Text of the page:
Big Data: What’s the Hadoopla all about?

Big DataThe latest buzzword dominating business headlines today is “Big Data”. What was once known in past incarnations as Data Processing, shifted to become Data Mining, then transforming into Business Intelligence, and now has finally adopted the name “Big Data”. It’s still unclear to many business managers what Big Data is. A lot of technology managers have a hard time explaining it. All this makes it hard to make the value it promises tangible enough to invest in. The core of the problem is that “Big Data” isn’t just one thing. It’s an umbrella category for a series of technologies and methodologies that have made dramatic strides in innovation and business application, with a core goal of leveraging data to create dramatic and sustainable competitive advantages.[more…]

I’ll set a baseline definition for each of the four main categories implied by the term “Big Data”: data sourcing; data storage and staging; analytics and insight creation; new business models. This should give a non-technology manager a basic understanding that could get them through a cocktail party.

Data Sourcing

This is simply identifying, or in some cases creating, sources of information that can provide, alone or integrated with other data, new insights for a business. New technologies have emerged that make it much easier to source information that wasn’t easy to capture before, like customer interactions. Other technologies have created new fountains of data that businesses can tap into to gain additional insights, such as Twitter and GPS location information. The gap between what the optimal or “dream” data universe has to look like to create a sustainable competitive advantage versus what is currently available to a business is quickly closing. Managers should think big about what information would be game-changers and challenge their technology groups to find it and capture it. In previous posts I’ve recommend a book by Douglas Hubbard called How to Measure Anything which provides a fantastic framework.

Data Storage & Staging

A radical drop in the cost of storage has made the warehousing of large amounts of data a manageable economic proposition for most firms. We now talk about capturing and storing terabytes and petabytes of information. More importantly, new technologies, like the much hyped Hadoop framework, can pull data from clusters of data servers in an extremely efficient manner which solves two major headaches: 1) stored data can be quickly extracted for analysis, in some cases near real-time, and 2) fragmented data from multiple silos can be combined and analyzed together.  Firms like Cloudera and MapR provide cloud software and services that can help in developing the right structure.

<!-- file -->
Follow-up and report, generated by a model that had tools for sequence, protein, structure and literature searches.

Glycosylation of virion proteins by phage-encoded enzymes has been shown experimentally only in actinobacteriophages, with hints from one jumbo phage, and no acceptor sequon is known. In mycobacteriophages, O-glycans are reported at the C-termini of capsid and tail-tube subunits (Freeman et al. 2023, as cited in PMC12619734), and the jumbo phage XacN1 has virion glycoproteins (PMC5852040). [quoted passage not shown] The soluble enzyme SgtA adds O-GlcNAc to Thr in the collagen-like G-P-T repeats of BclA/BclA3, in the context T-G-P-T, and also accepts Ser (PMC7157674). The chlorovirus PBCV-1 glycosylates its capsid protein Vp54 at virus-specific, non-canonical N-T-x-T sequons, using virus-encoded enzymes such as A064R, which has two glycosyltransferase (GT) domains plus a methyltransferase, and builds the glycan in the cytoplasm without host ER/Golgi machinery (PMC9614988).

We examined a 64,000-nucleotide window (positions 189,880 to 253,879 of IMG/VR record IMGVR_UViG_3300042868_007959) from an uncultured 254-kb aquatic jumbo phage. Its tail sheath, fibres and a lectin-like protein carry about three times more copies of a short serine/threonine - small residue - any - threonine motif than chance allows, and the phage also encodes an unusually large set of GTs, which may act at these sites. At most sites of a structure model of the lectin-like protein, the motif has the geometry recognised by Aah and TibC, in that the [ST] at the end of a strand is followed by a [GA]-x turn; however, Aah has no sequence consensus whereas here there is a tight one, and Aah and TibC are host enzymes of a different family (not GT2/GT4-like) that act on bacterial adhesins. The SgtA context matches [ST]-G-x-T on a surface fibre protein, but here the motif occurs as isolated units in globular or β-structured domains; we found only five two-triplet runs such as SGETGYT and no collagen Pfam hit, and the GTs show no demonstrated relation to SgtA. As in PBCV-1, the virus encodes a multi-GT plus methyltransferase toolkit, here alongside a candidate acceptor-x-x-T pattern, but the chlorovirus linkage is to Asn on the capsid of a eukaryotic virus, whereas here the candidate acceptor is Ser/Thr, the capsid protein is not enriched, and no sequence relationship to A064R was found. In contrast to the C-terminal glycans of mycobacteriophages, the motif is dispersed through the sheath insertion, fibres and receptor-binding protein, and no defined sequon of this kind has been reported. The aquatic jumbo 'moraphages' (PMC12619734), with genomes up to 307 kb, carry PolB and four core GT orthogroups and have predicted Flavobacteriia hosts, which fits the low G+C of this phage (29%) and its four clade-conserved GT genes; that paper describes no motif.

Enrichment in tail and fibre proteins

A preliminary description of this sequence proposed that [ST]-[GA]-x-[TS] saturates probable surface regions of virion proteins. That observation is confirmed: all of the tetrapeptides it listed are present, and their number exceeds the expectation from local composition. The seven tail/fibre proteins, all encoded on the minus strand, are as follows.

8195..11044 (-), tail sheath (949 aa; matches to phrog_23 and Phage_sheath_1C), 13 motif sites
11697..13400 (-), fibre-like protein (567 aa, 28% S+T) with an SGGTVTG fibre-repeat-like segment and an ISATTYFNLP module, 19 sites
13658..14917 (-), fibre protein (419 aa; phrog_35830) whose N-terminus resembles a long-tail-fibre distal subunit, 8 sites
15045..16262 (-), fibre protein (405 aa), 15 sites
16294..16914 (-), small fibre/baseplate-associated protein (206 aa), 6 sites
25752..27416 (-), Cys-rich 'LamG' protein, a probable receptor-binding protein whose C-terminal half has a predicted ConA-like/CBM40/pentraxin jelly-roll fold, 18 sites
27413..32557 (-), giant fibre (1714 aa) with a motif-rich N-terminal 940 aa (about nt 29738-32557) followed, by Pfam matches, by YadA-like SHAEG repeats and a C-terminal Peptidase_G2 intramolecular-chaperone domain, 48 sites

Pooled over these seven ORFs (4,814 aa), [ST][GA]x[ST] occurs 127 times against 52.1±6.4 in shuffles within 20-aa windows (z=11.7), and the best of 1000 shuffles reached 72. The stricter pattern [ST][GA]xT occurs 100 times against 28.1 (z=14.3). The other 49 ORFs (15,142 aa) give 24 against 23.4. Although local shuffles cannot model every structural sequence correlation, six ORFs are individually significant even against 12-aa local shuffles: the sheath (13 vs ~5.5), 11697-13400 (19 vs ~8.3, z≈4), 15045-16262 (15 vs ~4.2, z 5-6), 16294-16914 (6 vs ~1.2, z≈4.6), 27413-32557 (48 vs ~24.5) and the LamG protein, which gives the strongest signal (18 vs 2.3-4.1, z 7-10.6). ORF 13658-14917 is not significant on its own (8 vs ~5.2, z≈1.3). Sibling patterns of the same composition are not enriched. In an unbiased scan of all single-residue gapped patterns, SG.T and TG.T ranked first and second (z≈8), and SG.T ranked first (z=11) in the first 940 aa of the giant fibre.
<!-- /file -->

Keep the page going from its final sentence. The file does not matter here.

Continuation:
This new kind of infrastructure allows data to reside in large distributed networks that provide speed, perpetual access, and data redundancy, and has been labeled Cloud computing. Cloud services are offered by a growing group of firms that provide simple and scalable services. Two of the best known are Amazon and Rackspace.

Analytics & Insight Creation

What analytics you want to create largely depends on what data you have and what form it takes. An important feature of “Big Data” analytics is its flexibility with both structured and unstructured data. Traditional structured data is organized within set fields and in relational databases, while unstructured and semi-structured data require additional enrichment and organization to allow them to be useful for analysis and insight generation. An experienced analyst, for example, can create algorithms that ferret out useful items found in written text documents, then match them to other relevant data.

There are a variety of analytical tools in the market, most of them very rich with features. The level of sophistication of the tools, and subsequent modeling, used in any analysis depends on the complexity and volume of the data, as well as the kind of insights that are being sought. A common mistake is to procure overly complicated tools and build overly complicated models that don’t improve business outcomes. Managers need to define very clearly up front what kinds of results they want to get.

SAS and R are the standard-bearers for statistical analysis, and the go-to tools when you are looking to find correlations and testing causation in your data. The biggest bang, though, comes from an ability to create visualizations of your analysis, making it easier to digest, remember, communicate, and inspire action. A variety of vendors, such as Spotfire, Tableau, and QlikView, provide visually-driven Business Intelligence software that can be used to create intuitive analysis and dashboards used by managers or salespeople for decision making.

New Business Models

Putting a “Big Data” infrastructure in place at a firm won’t automatically ensure a return on investment. Businesses need to change in order to incorporate Big Data insights into their DNA. In some instances, completely new businesses models have emerged, like in the cases of Amazon and Netflix. In existing businesses though, a new data discipline needs to be put in place. It starts with management articulating clear goals and measures of success, followed by planning and execution of a Big Data plan that is in-line with company culture and talent, and lastly developing incentives and training that promote data reliance.


Despite the hype, Big Data really isn’t anything new. There’s been a renewed interest in the four principal areas that comprise it due to new innovations and impressive results of businesses that have fully adopted it. There is a tremendous opportunity to realize value using these tools, so it’s important to have a strong working knowledge of what they are and have it in the back of your mind as you think about your business strategy.

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